What's the oldest restaurant in San Francisco? That depends on how you define your terms. Tadich Grill has been in business since 1949, but it moved a couple of times, and has been in its current location only since 1967. The Old Clam House has been the same location since 1858.
If the Old Clam is SF's oldest restaurant, then 615 Sacramento is arguably the second-oldest. It opened as Jack's in 1864, was rebuilt in the same location after the 1906 fire, was closed for almost two years in the 1990s for restoration, and closed again in December 2000 when the new owner decided to cash in on the dot-com era real-estate boom and put the building up for sale, asking $4.75 million. At the time, everyone expected it to be converted to offices. However, thanks to the doc-com crash, it languished on the market for most of 2001, and was eventually purchased for $2.9 million by Philippe Jeanty, who reopened it in early 2002 as Jeanty at Jack's.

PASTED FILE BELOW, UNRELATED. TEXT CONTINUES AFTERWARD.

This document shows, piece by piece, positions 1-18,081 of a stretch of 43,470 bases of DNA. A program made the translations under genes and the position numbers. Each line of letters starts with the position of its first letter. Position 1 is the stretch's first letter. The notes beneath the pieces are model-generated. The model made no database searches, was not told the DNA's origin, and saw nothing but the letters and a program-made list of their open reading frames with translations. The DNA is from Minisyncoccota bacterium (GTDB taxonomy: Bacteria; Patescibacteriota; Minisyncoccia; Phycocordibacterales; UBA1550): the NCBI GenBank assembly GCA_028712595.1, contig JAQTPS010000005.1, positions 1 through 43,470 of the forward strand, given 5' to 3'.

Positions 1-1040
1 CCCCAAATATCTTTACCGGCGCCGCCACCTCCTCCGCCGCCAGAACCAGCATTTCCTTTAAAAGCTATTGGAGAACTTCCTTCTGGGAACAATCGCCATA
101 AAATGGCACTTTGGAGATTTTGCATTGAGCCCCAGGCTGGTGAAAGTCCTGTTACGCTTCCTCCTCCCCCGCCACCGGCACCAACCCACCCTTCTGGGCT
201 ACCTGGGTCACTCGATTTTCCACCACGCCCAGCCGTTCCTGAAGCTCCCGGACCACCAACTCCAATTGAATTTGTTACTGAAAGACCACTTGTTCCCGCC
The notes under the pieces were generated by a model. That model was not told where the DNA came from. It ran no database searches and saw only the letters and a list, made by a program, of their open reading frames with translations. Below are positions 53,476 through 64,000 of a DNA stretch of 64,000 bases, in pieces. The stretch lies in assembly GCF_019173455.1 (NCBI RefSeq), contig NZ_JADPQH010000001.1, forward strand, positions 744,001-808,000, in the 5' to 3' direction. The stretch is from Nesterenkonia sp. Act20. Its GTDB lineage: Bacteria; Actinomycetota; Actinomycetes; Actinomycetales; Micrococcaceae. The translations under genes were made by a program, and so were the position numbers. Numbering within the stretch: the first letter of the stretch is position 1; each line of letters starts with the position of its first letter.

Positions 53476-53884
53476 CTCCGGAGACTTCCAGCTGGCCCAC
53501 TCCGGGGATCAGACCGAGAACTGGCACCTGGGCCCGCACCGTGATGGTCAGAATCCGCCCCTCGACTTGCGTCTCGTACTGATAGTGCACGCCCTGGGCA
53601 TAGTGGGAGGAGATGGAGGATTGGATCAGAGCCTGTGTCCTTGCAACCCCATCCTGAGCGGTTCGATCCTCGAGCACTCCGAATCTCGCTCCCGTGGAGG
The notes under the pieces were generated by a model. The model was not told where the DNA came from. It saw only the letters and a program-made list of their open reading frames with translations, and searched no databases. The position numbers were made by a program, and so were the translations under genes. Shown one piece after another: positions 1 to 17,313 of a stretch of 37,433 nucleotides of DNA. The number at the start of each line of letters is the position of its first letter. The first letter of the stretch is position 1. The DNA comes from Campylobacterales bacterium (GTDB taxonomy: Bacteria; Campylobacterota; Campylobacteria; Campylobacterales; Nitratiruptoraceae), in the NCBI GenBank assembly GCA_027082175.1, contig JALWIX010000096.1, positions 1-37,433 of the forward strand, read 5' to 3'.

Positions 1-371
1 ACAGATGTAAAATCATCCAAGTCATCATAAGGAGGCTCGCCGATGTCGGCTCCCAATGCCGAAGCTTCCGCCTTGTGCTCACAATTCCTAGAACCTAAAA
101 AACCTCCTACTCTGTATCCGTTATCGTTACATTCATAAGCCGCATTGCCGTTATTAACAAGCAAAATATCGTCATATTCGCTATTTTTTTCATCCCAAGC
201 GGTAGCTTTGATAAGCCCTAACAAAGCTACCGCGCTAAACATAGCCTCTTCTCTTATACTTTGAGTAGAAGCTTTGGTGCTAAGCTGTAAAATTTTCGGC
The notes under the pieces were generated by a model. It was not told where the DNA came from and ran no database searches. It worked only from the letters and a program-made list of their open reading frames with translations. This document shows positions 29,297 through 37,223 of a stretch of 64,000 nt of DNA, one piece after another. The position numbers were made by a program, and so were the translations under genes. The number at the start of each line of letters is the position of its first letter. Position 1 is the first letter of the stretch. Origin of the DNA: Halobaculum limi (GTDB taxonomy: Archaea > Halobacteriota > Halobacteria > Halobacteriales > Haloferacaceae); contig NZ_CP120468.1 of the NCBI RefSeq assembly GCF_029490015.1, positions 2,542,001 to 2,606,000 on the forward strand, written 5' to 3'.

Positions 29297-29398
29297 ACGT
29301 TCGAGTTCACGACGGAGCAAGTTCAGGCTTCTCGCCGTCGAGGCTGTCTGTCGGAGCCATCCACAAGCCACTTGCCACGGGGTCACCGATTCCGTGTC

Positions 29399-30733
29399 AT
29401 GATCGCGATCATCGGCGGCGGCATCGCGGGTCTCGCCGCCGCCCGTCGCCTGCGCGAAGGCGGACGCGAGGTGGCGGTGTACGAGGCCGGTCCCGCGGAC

History aside, the beautifully restored interior makes this one of
the most gorgeous restaurants in the city. The cheapest way to enjoy
the vintage atmosphere is to drop by the bar at happy hour, weeknights
from 4 to 7. Drink options are draft beer for $3 (the pint of 21st
Amendment Brew Free! or Die IPA I had was excellent, and they also had
Chimay), or glass of good white, rose, or red for $7.
The real draw here
Hog Island Sweetwater oysters for $1 each, served with lemon, mignonette, and by request horseradish sauce (to my taste unnecessary with such good oysters). The bartender
said the owner lives near Hog Island and picks them up daily on his way
in. The regular menu also has some dishes that make good bar snacks, such pigs' feet and rabbit pate, at reasonable prices.